Soldiers Escape Bradley Rollover
Rollover drills and situational-awareness training turned a potentially deadly rollover into a survival story for three Soldiers recently when their Bradley fighting vehicle rolled into a canal in Iraq.

FORT RUCKER, Ala. (Army News Service, Feb. 27, 2007) - Rollover drills and situational-awareness training turned a potentially deadly rollover into a survival story for three Soldiers recently when their Bradley fighting vehicle rolled into a canal in Iraq.

Staff Sgt. Logan Wallace, Spc. Mark Hoiland and Spc. Ray Ness - attached to Company B, 2nd Battalion, 136th Infantry Battalion, 34th Brigade Combat Team, of the Minnesota National Guard - were able to exit their vehicle after the bridge they were crossing gave way.

"When the road started to break away, causing us to slide into the canal, I yelled over the intercom system that we were sliding," said Ness, vehicle driver. "Spc. Hoiland then yelled 'rollover.'"

"We slid in and tipped upside down," said Hoiland, gunner. "The BFV hit the bottom and water filled the turret."

As water filled the vehicle, the three Soldiers immediately began helping each other escape.

"I was able to turn myself around upwards after the water filled the turret," said Hoiland. "I then yelled for Staff Sgt. Wallace and started pulling on him because he was still upside down."

"I was able to get down in the turret of the Bradley before we were upside down but was forced into the BC's hatch," said Wallace, Bradley commander. "I was face-first in the mud and water. I tried to get free and upright, but was stuck in the mud and my IBA (Interceptor Body Armor) was catching on something."

As Wallace continued struggling, Hoiland yanked on his IBA and pulled him upright. Meanwhile, Ness freed himself from the driver's seat and opened the gunner's door.

The driver and gunner of the Bradley following the Soldiers dove into the water to assist.

"The Soldiers knew the TTPs and procedures that helped save their lives," said Maj Michael Murray, battalion safety officer. "By placing the turret in the 12 o'clock position, part of the training and preparation to cross canals, it allows the Soldiers to get the door open. Otherwise it could be blocked. Additionally, the crew conducted their rollover drill as the vehicle entered the water. That is training saving lives."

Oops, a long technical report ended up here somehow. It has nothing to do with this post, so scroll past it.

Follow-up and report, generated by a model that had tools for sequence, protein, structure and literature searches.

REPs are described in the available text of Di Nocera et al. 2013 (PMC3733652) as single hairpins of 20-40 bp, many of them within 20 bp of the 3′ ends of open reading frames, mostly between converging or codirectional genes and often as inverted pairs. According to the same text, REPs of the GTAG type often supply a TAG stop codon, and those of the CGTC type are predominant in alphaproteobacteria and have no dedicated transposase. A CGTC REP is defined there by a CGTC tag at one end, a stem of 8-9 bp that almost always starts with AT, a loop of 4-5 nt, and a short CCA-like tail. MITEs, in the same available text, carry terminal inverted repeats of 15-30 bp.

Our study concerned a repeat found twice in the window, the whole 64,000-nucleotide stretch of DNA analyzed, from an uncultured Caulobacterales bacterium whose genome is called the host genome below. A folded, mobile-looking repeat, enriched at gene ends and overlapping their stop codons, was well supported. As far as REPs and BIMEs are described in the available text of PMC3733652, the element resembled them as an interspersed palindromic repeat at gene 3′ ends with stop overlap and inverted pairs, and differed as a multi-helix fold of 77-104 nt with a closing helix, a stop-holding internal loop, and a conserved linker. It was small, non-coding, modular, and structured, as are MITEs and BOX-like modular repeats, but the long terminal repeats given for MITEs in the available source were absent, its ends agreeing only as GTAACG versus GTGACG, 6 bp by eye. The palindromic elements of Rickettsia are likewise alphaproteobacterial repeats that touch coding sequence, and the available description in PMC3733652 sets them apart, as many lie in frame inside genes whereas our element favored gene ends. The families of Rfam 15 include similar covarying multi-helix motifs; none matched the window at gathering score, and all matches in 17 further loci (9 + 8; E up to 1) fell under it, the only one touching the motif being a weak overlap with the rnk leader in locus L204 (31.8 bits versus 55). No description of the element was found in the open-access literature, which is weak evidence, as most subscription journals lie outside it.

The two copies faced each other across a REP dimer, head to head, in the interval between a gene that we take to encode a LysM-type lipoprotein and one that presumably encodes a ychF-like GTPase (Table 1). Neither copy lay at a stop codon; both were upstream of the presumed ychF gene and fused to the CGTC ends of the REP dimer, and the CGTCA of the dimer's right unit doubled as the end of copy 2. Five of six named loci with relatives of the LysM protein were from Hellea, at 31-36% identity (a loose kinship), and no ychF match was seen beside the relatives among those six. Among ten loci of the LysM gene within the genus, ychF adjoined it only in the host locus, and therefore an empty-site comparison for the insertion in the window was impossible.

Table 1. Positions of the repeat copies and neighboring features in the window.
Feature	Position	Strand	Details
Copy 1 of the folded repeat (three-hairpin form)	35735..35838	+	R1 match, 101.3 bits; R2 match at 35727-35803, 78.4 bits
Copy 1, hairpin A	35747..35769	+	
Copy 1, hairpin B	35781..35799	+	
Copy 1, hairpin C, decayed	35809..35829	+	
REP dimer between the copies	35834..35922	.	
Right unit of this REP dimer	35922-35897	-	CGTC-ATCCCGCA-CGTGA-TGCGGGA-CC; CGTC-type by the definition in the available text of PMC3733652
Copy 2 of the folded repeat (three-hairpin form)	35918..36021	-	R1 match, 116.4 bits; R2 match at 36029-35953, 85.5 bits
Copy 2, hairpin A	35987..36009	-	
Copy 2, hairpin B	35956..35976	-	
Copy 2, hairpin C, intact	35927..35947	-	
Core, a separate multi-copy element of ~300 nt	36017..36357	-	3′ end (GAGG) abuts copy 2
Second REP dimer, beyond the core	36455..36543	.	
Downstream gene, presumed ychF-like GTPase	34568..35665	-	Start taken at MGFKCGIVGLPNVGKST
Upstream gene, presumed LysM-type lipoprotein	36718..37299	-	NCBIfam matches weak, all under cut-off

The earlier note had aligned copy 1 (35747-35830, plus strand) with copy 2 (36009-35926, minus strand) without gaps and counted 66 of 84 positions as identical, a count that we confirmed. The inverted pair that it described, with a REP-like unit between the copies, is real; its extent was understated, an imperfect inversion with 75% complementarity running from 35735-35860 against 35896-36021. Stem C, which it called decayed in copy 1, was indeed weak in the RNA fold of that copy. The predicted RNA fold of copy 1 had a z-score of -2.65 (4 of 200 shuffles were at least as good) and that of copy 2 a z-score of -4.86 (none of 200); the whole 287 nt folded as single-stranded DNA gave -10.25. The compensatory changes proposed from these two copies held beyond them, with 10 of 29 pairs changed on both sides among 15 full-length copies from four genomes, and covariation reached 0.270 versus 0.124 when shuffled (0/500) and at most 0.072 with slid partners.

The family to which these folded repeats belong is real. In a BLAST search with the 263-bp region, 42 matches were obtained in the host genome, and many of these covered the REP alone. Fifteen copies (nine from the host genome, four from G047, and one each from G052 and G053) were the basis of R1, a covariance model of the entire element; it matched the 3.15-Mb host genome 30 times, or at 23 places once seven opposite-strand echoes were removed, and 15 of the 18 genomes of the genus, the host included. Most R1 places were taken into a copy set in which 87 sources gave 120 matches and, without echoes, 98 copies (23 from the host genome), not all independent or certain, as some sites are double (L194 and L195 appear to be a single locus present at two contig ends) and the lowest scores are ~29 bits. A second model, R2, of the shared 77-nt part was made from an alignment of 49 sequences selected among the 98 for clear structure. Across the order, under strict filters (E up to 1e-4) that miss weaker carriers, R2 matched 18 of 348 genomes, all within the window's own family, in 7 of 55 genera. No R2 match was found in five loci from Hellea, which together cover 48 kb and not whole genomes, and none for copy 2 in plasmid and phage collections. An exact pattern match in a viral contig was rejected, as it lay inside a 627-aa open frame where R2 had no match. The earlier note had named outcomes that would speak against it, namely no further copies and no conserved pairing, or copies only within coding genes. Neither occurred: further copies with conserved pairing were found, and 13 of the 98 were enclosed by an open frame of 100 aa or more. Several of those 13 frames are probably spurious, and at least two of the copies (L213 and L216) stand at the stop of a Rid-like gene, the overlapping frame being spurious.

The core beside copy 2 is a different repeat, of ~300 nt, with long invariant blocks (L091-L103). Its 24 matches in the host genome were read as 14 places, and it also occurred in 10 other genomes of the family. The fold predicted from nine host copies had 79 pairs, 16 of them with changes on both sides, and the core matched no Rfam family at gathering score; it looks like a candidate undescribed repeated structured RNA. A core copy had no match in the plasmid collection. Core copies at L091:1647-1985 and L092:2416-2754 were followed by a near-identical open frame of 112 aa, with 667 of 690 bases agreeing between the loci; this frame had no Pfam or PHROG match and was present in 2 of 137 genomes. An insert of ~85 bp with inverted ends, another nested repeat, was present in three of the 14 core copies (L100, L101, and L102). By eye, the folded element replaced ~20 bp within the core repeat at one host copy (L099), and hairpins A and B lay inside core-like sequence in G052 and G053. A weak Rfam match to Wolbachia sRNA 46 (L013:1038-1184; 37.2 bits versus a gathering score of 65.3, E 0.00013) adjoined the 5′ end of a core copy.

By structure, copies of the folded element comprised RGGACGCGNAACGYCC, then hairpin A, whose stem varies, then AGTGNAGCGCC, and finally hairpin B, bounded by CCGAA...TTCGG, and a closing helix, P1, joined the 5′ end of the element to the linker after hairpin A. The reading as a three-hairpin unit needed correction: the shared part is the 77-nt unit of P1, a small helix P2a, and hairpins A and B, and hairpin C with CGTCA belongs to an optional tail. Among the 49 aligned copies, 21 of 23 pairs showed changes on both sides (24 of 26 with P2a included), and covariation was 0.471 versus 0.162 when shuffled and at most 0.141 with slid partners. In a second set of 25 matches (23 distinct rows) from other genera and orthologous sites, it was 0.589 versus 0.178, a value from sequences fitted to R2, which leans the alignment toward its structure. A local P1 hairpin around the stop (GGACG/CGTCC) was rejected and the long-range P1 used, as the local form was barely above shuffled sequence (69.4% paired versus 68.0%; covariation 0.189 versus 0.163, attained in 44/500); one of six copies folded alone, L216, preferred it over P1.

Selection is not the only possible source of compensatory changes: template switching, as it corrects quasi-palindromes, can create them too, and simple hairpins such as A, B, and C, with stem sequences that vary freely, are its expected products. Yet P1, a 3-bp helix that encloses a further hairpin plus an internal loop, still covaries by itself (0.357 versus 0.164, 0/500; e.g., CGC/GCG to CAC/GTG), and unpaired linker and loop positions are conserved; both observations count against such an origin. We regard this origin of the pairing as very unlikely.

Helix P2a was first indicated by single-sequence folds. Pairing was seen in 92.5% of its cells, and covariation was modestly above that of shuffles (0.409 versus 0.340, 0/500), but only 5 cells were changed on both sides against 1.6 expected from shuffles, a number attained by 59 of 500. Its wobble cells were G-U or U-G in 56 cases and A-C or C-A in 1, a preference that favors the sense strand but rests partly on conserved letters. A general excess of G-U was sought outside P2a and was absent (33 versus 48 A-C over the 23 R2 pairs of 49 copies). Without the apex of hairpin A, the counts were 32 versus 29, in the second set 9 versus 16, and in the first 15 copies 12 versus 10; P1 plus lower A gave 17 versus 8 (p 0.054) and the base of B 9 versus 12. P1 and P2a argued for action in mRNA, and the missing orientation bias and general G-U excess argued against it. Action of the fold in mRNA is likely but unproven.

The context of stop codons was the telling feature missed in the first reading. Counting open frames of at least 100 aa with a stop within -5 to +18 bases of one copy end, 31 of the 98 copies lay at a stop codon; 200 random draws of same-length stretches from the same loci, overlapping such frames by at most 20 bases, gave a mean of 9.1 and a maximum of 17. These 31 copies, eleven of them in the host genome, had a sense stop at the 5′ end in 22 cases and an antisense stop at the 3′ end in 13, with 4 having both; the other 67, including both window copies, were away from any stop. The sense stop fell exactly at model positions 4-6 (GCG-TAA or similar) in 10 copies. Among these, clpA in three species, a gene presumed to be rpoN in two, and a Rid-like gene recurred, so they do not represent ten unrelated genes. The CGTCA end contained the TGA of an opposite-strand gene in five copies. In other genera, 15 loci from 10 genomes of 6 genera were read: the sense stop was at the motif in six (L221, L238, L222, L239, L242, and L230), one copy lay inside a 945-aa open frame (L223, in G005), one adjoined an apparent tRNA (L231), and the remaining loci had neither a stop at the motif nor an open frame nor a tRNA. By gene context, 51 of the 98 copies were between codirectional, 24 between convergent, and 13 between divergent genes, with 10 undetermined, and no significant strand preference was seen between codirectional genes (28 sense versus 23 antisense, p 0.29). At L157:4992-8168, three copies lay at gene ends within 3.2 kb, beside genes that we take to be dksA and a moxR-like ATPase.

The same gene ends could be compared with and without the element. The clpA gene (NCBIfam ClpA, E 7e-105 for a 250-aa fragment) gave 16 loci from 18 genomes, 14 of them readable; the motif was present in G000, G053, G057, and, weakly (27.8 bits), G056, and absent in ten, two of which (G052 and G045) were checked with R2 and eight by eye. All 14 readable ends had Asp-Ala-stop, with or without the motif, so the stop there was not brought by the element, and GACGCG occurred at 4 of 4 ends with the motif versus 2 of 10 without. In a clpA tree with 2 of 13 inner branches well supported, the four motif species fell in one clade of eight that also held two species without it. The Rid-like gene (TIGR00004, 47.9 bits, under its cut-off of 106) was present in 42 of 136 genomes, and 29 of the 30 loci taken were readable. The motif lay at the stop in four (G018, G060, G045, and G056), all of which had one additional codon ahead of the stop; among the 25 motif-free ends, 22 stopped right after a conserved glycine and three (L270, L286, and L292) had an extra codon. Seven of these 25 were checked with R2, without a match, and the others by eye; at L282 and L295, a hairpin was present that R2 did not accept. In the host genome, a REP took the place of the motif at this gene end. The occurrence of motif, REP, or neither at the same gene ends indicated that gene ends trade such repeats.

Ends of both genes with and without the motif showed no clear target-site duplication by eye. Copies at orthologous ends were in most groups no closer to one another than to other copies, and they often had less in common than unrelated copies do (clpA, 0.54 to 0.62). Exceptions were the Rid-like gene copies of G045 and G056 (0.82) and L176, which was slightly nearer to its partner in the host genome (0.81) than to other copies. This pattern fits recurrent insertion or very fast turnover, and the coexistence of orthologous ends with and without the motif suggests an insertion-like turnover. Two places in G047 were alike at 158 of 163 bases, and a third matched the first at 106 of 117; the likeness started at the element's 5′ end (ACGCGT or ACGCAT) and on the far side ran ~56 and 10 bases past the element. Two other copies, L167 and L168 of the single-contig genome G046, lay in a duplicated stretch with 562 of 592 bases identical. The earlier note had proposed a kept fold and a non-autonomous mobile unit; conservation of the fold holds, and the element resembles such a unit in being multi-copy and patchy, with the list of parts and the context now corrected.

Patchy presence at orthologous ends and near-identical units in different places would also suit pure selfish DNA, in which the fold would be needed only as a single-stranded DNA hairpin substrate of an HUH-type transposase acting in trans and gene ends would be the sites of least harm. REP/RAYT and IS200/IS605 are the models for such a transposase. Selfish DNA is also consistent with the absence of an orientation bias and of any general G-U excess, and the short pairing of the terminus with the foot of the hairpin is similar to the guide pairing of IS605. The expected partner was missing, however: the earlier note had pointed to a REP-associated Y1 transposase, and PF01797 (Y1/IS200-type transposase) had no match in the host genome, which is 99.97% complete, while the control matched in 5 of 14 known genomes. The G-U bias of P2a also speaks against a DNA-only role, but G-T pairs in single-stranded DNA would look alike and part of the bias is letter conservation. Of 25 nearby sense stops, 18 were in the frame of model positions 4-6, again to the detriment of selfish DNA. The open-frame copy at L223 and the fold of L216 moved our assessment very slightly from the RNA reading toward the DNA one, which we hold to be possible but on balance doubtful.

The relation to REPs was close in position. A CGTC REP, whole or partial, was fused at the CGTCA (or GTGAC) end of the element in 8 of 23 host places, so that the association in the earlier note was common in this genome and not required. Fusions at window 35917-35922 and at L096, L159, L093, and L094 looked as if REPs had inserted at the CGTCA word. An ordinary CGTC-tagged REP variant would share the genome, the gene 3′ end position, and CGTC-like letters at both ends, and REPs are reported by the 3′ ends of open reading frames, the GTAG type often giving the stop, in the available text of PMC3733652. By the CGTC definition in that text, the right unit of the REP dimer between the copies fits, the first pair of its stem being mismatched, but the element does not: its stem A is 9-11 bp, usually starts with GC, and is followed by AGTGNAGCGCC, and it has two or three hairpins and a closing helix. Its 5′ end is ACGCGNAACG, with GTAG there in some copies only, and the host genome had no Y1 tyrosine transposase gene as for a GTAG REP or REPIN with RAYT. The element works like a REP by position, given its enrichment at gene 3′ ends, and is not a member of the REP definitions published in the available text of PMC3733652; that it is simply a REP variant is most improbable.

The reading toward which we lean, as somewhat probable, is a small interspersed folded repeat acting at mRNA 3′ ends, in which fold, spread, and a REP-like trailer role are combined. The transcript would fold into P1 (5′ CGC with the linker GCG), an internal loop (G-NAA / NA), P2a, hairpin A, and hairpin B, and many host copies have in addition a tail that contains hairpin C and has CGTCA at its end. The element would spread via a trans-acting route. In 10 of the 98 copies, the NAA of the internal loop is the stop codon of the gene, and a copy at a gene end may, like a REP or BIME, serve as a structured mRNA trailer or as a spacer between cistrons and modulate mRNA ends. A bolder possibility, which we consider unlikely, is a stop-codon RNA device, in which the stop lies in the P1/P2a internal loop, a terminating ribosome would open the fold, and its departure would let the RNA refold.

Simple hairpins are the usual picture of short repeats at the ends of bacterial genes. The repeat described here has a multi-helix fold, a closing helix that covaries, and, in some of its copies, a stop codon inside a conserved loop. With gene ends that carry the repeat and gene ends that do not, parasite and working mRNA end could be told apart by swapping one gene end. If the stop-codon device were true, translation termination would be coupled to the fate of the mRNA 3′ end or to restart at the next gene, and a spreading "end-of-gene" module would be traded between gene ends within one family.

Training and proper execution of TTPs also had the three Soldiers securing all of their equipment as part of pre-combat checks.

"This prevented the vehicle from being cluttered and having items hit the crew members as the vehicle overturned," said Murray. "The 'Hell hole' was clear, which allowed Ness to get out, as well as get back to open the door."

"Training rehearsals are just as important as the mission itself," said Capt. Chip Rankin, Co. B commander. "This event could have gone two ways - one being the worst day, where we lost three of our Soldiers, and the second being what occurred, our Soldiers successfully surviving. Training and engaging with your Soldiers always pays off."

"These Soldiers did everything right," Murray added.

Army statistics reveal that rollovers are decreasing. The service had an 82-percent reduction in rollover-related drowning fatalities between fiscal 2006 and 2005.

(Kelly Widener writes for the U.S. Army Combat Readiness Center.)

Page last updated Tue February 27th, 2007 at 09:14